after the Penal Code took effect. Accepting the conclusions of the highest court of the State of New York as to the operation of the acts in question in substituting, under § 72, a longer term of imprisonment for that which had theretofore existed, it is clear that § 72 governed future cases only; but even if, taken in connection with all the other statutory provisions referred to, it could be construed as also retroactive, as it was admitted upon the argument that the crime, upon conviction of which the petitioner was sentenced to the imprisonment he is now undergoing, was charged to have been committed in 1884, long after the Penal Code and the Consolidation Act went into effect, we perceive no reason for the discharge of the prisoner upon the ground that § 72 might be held invalid in respect to a crime committed between December 1, 1882, and April 1, 1883, if drawn in question in a proper case. The rule upon this subject which we consider applicable is that
"A legislative act may be entirely valid as to some classes of cases and clearly void as to others. A general law for the punishment of offenses, which should endeavor to reach by its retroactive operation acts before committed as well as to prescribe a rule of conduct for the citizen in future would be void so far as it was retrospective; but such invalidity would not affect the operation of the law in regard to the cases which were within the legislative control."
Cooley, Const.Lim. (5th ed.) 215.
The order of the circuit court refusing the writs was right, and it is
Section 72 of the Penal Code reads as follows:
"A judicial officer, a person who executes any of the functions of a public office not designated in Titles six and seven of this Code, or a person employed by or acting for the state or for any public ouster in the business of the state, who asks, receives, or agrees to receive a bribe, or any money, property, or value of any kind, or any promise or agreement therefor, upon any agreement or understanding that his vote, opinion, judgment, action, decision, or other official proceeding shall be influenced thereby, or that he will do or omit any act or proceeding, or in any way neglect or violate any official duty, is punishable by imprisonment for not more than ten years or by a fine of not more than five thousand dollars or both. A conviction also forfeits any office held by the offender and forever disqualifies him from holding any public office under the state."
Section 2143 of the Consolidation Act provides as follows:
"For the purpose of determining the effect of this act upon other acts, except the Penal Code and the effect of other acts except the Penal Code upon this act, this act is deemed to have been enacted on the first day of January, in the year eighteen hundred and eighty-two; all acts passed after such date and the Penal Code are to have the same effect as if they were passed after this act. This act shall take effect on the first day of March, eighteen hundred and eighty-three. This act may be cited as the New York City Consolidation Act of Eighteen Hundred and Eighty-two."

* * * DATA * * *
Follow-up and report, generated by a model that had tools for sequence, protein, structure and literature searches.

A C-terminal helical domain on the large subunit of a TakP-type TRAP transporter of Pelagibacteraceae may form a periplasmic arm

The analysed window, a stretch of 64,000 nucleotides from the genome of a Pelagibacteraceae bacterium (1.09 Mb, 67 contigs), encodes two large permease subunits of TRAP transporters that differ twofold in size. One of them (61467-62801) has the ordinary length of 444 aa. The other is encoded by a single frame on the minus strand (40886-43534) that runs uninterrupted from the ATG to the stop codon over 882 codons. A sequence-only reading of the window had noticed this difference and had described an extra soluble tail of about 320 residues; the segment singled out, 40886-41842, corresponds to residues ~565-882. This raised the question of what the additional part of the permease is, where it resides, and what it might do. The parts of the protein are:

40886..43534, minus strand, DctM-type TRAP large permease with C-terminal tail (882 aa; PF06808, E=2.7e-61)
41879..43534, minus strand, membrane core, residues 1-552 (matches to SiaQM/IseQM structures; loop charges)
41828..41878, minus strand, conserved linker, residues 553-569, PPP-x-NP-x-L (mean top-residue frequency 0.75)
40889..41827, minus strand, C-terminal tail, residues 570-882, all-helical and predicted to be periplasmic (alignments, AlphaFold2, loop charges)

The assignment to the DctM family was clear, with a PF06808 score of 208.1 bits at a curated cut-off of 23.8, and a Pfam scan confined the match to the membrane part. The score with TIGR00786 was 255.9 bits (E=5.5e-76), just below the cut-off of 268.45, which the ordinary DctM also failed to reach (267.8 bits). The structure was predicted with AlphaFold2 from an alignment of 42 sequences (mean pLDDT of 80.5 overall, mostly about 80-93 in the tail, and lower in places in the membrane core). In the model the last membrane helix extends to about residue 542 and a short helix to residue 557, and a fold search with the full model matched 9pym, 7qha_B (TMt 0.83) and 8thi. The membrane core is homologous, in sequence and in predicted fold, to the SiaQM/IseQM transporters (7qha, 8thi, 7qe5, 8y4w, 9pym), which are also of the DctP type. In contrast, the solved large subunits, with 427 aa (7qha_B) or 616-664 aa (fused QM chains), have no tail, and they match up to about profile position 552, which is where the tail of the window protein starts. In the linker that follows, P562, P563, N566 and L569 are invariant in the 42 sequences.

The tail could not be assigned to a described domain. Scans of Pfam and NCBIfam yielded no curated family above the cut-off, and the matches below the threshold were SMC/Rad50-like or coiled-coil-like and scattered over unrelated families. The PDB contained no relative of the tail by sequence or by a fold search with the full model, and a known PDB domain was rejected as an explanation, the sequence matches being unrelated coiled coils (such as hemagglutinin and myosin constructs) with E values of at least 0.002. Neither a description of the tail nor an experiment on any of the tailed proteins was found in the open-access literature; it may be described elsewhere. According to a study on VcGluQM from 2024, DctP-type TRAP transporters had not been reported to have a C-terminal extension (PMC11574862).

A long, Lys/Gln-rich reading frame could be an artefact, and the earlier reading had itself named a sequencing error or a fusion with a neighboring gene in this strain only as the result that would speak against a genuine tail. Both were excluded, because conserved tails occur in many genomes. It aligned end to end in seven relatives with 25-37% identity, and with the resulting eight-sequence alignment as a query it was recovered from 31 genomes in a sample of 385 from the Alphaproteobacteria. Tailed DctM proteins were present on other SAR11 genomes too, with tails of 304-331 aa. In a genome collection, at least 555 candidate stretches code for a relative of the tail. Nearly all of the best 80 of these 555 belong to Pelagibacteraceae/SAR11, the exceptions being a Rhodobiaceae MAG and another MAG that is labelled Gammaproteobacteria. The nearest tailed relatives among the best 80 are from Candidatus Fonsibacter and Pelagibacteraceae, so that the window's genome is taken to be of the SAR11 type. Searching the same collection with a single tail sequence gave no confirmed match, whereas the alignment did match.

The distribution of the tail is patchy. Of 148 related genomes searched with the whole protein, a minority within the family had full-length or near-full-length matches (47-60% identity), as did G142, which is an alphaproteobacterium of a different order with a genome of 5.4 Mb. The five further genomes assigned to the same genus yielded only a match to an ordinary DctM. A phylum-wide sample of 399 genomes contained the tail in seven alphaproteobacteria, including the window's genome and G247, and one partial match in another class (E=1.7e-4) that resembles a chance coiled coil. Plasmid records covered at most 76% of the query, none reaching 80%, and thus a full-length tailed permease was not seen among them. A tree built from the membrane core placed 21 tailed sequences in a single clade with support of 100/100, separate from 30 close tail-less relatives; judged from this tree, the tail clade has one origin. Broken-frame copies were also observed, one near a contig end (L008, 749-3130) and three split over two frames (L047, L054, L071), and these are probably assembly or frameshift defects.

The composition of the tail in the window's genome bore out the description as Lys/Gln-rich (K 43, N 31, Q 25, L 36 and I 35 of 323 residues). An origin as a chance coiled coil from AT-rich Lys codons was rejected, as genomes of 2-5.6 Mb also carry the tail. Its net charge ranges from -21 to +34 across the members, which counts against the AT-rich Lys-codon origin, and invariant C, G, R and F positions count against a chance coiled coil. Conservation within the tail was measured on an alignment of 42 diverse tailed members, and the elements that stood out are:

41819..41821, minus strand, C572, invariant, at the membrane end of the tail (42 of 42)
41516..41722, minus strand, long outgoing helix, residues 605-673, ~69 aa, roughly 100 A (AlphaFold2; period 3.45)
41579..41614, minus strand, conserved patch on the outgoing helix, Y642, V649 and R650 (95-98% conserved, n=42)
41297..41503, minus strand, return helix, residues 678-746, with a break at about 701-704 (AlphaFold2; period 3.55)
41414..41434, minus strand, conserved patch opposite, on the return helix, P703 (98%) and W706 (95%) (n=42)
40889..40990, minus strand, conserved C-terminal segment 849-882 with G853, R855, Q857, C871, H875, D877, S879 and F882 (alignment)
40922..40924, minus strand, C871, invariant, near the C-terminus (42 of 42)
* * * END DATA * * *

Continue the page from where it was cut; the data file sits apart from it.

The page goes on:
"Section 100. Every person who shall promise, offer or gives or cause, or aid, or abet in causing to be promised, offered, or given, or furnish, or agree to furnish, in whole or in part, to any other person, to be promised, offered, or given to any member of the common council, or any officer of the corporation, or clerk, after his election or appointment as such officer, member or clerk, or before or after he shall have qualified and taken his seat or entered upon his duty any moneys, goods, right in action, or other property, or anything of value or any pecuniary advantage, present or prospective, with intent to influence his vote, opinion, judgment or action on any question, matter, cause or proceedings which may be then pending or may by law be at any time brought before him in his official or clerical capacity shall be deemed guilty of a felony, and shall, upon conviction be imprisoned in a penitentiary for a term not exceeding two years, or shall be fined not exceeding five thousand dollars or both, in the discretion of the court."
"Every officer in this section enumerated who shall accept any such gift or promise, or undertaking to make the same under any agreement or understanding that his vote, opinion, judgment or action, shall be influenced thereby, or shall be given in any question, matter, cause, or proceeding then or at any time pending or which may by law be brought before him in his official capacity shall be deemed guilty of a felony, and shall upon conviction be disqualified from holding any public office, trust, or appointment under the City of New York, and shall forfeit his office and shall be punished by imprisonment in the penitentiary not exceeding two years, or by a fine not exceeding five thousand dollars or both, in the discretion of the court."
"Section 725. Nothing in this Code affects any of the provisions of the following statutes, but such statutes are recognized as continuing in force notwithstanding the provisions of this Code except so far as they have been repealed or affected by subsequent laws:"
"1. All acts incorporating municipal corporations, and acts amending acts of incorporation or charters of such corporation, or providing for the election or appointment of officers therein, or defining the powers or duties of such officers."
"2. All acts relating to emigrants, or other passengers in vessels coming from foreign countries, except as provided in Section 626 of this Code."
"3. All acts for the punishment of intoxication or the suppression of intemperance, or regulating the sale or disposition of intoxicating or spirituous liquors."
"4. All acts defining and providing for the punishment of offences, and not defined and made punishable by this Code."